Personally, I found the emphasis on condom use disappointing. Condoms are notoriously weak at preventing pregnancy among the young (their effectiveness increases with the age of the participants), and they don’t do much at all to prevent the spread of disease. Perhaps I should not be surprised — researchers frequently sport agendas, just like anybody else — but I found it disturbing how many of the studies purporting to measure the effectiveness of sex education programs did not even bother to examine the rates of pregnancy or incidence of sexually-transmitted disease; they simply assumed that condom use would take care of all that. Studies of abstinence education made a similar assumption — those who abstain would not get pregnant or contract an STD — but they’ve got a somewhat better case for that assumption.

It appears to me that the American press and social progressives generally cannot be trusted on any topic that involves the choice to engage in sexual contact whenever and however the individual chooses. On all topics touching this arena, the press, staffed as it is almost entirely by social progressives, routinely reports fiction to mask the astoundingly dire consequences of sexual licentiousness. Folks who rely on the press believe that gays are just straights with a binary switch turned the other way, homosexuality is caused by genes, abortion is a harmless procedure with no serious side-effects, there’s no way to stop kids from engaging in rampant sexuality, there are no serious health consequences from early sexual activity, condoms actually help prevent the spread of STDs, and sex ed classes train kids to engage in sex responsibly. All of the above are urban myths, the new fantasy world of the American libertine culture. Not one of those statements stands after reviewing the relevant research, of which there is plenty. And yet, incredibly, the folks who have bought all these myths, actually believe they’re supported by sound research.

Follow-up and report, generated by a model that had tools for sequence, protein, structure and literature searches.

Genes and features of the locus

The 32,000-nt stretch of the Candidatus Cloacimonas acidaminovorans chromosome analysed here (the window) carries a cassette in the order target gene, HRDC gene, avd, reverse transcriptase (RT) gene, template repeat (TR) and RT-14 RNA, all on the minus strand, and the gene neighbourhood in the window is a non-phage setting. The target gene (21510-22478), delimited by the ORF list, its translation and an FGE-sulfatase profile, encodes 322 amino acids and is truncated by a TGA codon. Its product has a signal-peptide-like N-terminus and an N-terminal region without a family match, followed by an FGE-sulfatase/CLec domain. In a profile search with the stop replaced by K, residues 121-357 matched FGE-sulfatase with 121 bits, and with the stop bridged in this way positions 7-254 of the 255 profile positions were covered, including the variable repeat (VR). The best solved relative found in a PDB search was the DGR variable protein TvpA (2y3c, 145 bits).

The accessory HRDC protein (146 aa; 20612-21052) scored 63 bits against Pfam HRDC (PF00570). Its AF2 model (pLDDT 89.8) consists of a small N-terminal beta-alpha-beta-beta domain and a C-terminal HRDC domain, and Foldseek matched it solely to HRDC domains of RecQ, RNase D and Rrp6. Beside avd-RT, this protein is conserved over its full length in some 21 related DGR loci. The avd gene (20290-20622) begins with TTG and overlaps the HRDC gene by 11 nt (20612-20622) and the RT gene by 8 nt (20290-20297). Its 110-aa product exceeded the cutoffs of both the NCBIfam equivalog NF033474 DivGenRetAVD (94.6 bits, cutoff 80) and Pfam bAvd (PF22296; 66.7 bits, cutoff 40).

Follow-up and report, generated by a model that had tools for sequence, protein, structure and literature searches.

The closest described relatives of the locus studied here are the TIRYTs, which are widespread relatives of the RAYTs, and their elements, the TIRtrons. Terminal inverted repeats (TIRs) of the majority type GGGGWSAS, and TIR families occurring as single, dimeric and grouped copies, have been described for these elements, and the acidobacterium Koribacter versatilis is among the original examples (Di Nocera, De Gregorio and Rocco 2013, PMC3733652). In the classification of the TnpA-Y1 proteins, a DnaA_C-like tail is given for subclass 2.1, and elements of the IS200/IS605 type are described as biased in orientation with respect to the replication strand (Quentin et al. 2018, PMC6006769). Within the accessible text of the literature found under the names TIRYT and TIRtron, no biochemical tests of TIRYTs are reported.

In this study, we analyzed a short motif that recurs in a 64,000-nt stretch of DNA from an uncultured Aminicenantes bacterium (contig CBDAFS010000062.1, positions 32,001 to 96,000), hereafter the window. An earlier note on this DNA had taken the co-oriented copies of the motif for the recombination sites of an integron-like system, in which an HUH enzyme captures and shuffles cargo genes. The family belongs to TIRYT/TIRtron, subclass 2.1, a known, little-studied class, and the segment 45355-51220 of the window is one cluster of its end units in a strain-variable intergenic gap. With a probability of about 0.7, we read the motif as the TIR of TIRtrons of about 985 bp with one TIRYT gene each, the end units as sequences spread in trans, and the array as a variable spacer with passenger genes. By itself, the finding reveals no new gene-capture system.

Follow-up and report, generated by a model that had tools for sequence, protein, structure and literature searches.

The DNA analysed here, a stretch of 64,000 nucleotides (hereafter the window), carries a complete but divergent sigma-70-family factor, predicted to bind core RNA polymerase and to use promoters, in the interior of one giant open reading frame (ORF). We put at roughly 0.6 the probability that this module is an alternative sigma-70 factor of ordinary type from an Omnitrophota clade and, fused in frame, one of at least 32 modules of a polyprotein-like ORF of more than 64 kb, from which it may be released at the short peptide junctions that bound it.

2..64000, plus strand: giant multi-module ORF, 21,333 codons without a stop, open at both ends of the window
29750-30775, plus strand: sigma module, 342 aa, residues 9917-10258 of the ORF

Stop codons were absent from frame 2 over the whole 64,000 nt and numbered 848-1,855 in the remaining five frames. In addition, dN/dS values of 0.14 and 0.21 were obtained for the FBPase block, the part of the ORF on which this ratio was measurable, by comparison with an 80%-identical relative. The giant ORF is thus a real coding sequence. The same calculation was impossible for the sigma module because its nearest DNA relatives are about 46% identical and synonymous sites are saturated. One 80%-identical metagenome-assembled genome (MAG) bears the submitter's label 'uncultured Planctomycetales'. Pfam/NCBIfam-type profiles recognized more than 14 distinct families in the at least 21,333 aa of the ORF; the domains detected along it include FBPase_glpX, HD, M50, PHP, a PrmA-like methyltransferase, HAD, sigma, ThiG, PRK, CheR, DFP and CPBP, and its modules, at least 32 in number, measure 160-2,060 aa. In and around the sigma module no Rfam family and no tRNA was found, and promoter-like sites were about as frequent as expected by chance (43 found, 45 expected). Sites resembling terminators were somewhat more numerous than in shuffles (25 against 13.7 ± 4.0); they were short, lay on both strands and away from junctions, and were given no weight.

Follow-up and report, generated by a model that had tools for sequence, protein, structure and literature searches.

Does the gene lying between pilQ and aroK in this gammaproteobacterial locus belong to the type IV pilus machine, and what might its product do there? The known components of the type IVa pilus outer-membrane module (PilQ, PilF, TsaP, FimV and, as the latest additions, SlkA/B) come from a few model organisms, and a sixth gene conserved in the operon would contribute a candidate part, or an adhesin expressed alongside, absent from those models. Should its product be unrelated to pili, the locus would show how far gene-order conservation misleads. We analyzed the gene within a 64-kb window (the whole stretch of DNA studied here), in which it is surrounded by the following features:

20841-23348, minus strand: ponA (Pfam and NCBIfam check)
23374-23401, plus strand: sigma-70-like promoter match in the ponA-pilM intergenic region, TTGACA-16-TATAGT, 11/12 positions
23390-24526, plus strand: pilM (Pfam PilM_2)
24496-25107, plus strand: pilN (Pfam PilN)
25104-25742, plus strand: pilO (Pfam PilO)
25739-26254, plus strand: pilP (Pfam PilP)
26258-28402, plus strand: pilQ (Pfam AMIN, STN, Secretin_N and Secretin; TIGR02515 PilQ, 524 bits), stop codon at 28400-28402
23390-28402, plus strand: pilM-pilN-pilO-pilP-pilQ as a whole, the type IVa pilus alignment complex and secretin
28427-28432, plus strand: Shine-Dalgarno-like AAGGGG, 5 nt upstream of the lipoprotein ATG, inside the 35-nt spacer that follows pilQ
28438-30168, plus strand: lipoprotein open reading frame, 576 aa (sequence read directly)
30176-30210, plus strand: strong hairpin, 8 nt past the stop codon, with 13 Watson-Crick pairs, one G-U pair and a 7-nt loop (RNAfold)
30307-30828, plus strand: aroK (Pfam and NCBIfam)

There may be no way to stop all teen sex, but we certainly prevented a lot of it by constructing a culture in which it was taken for granted that well-behaved kids waited until they were ready to marry. The fact that the 1960s culture did not engage in anything within several orders of magnitude of the current level of teen sexuality is proved by the incredibly low numbers of teen pregnancies and of venereal diseases in the 1960s culture, when compared to modern statistics.

Make no mistake; it makes a difference if you tell your kids consistently that they’re not ready for sex, and that they should refrain until they are. It’s not an instant cure-all, and it’s not the only thing you have to do, but doing it makes a difference.

02/25/2009 (11:02 am)

Another Total Shocker: Degrading Sexual Music Increases Teen Sexuality

Another notch in the category, “Things an 8th grader could tell you that we have to waste research dollars proving.” And no, I’m not opposed to the research; I’m disgusted at the rationalizing and dissembling by social progressives as they dismantle civil society that makes this sort of research so necessary.

Dr. Brian Primack of Pitt’s outstanding medical school discussed his findings yesterday from research soon to be published in the American Journal of Preventive Medicine, demonstrating a strong correlation between hours per day listening to music containing “sexually degrading” lyrics and early teen sexual behavior, and thus also with sexually-transmitted diseases and teen pregnancy. An abstract of preparatory research by the same authors may be seen here.